Raees admitted that, even though he’s a “clean-handed person” who’s never done anything illegal (“I’m not a criminal,” he said), Trump’s victory in the elections has made him “nervous,” especially when it comes to his family. “I’m scared about my kids. [Trump] is trying to change the frame of mind of different people, he’s trying to make division. Oh my God, that’s not good– he’s trying to highlight the racism in the United States.”
Of course, he’s not the only one who’s upset about this polarization. Since election night, protests have raged on in Union Square and beyond– dozens of people and a sizable police force gathered in Washington Square Park this afternoon. So, it was surprising to hear one shop owner, Naz, say that he was ready to accept whoever was in power. “He’s my president now,” explained the immigrant from Bangladesh who said his family has been here for more than 40 years. “I am a citizen, just like you. You and me are the same person. We have everything here. I’m just a working man, I trust him.”
Naz sells a variety of soaps, candles, shea butter, and oils at his shop, in addition to incense– the Obama variety regularly sells out. Like many shops in Bed-Stuy, Naz keeps a portrait of President Obama behind the counter. He pointed up toward the framed photo: “He will come down, and the new president will go up.” Something tells me that’s not going to be the case anywhere else in Bed-Stuy. Naz said that the Obama incense, however, would stay.
For undocumented immigrants, however, it’s not so easy to shrug and hope for the best. “People are obviously really, really scared right now,” said Heather Axford, an attorney at Central American Legal Assistance. The organization serves local immigrants from its office in the basement of the Transfiguration Roman Catholic Church on Williamsburg’s south side.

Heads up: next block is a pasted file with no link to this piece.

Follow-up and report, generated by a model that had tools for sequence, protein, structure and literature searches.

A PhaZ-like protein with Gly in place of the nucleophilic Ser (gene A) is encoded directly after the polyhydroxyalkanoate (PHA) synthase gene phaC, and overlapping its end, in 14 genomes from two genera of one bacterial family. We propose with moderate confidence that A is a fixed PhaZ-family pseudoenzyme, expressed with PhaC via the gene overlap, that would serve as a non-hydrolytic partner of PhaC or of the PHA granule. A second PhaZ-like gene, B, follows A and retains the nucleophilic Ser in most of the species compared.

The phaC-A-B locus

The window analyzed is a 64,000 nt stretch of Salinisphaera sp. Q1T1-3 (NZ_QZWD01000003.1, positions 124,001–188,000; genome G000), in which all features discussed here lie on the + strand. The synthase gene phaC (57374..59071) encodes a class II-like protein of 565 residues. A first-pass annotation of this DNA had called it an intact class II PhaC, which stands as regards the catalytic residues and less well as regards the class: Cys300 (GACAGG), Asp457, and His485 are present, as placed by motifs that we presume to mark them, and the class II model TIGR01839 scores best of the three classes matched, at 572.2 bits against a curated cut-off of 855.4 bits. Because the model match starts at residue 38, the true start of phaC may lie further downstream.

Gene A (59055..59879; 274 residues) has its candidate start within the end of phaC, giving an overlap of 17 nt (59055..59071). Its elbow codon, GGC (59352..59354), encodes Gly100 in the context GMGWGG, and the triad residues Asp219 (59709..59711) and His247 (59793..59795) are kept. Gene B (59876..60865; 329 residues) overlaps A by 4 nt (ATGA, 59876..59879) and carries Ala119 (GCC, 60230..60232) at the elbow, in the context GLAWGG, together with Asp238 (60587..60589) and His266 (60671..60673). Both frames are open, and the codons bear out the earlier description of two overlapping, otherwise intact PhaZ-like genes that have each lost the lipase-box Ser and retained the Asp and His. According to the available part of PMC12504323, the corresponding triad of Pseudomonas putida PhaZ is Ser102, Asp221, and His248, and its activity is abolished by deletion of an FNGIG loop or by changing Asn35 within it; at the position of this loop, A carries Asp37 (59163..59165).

Axford and her colleagues work primarily with Central American immigrants facing deportation– “removal defense” as she called it. “We’ve been doing this and basically expect to have to do significantly more of it.” Deportations are expected to go up, and Axford said she anticipates workplace raids to come into play as well.
Already under the Obama administration, deportations went up dramatically, and presently the system is “very, very backed up,” Axford said. The way it works now, immigrants can’t just be tossed across the border– rather, they’re entitled to a hearing. “A normal case, your hearing is going to be three years out,” she explained. This is partly due to the current administration’s policy of prioritizing certain cases, including people with criminal records and repeat offenders. Meanwhile, everyone else gets pushed to the back of the line. “So, some cases you’ll get a hearing rather quickly, and other cases you’ll wait for years and years.”
Aside from upping enforcement and cracking down more in general, Trump is promising to put an end to prosecutorial discretion. “From the immigrants’ perspective it’s very helpful because if you’re in removal proceedings and you fear that your chance of winning release is tough– which it often is, because asylum is very limited and difficult to win– it gives you a little bit of a reprieve for the folks who have been here, who haven’t gotten arrested, who are paying their taxes,” Axford explained. “That apparently is going to end– basically, they’re going to try and enforce removal orders with everybody.”
Meanwhile, it’s a waiting game. And until January 20, when the inauguration takes place, and Trump’s first 100 days actually begins, many immigrants and their advocates will prepare for a Trump presidency through protest, safety measures, but mostly just going about their regular lives, which is the whole point of their struggle anyway.
No matter what happens, immigrants are some of the most resilient people around, which gives people like Javier Valdés hope in the struggle. “That’s something that’s just part of our DNA,” he said. The most important thing people can do right now, he pointed out, is to unify: “We’ve found that the best way to combat this–because some of us have experienced this in our country of origin–is to come together as a community. We’re making sure everyone feels supported and loved and that they know there are people out there in the world who care about their humanity. Now we’re going to take action and fight back.”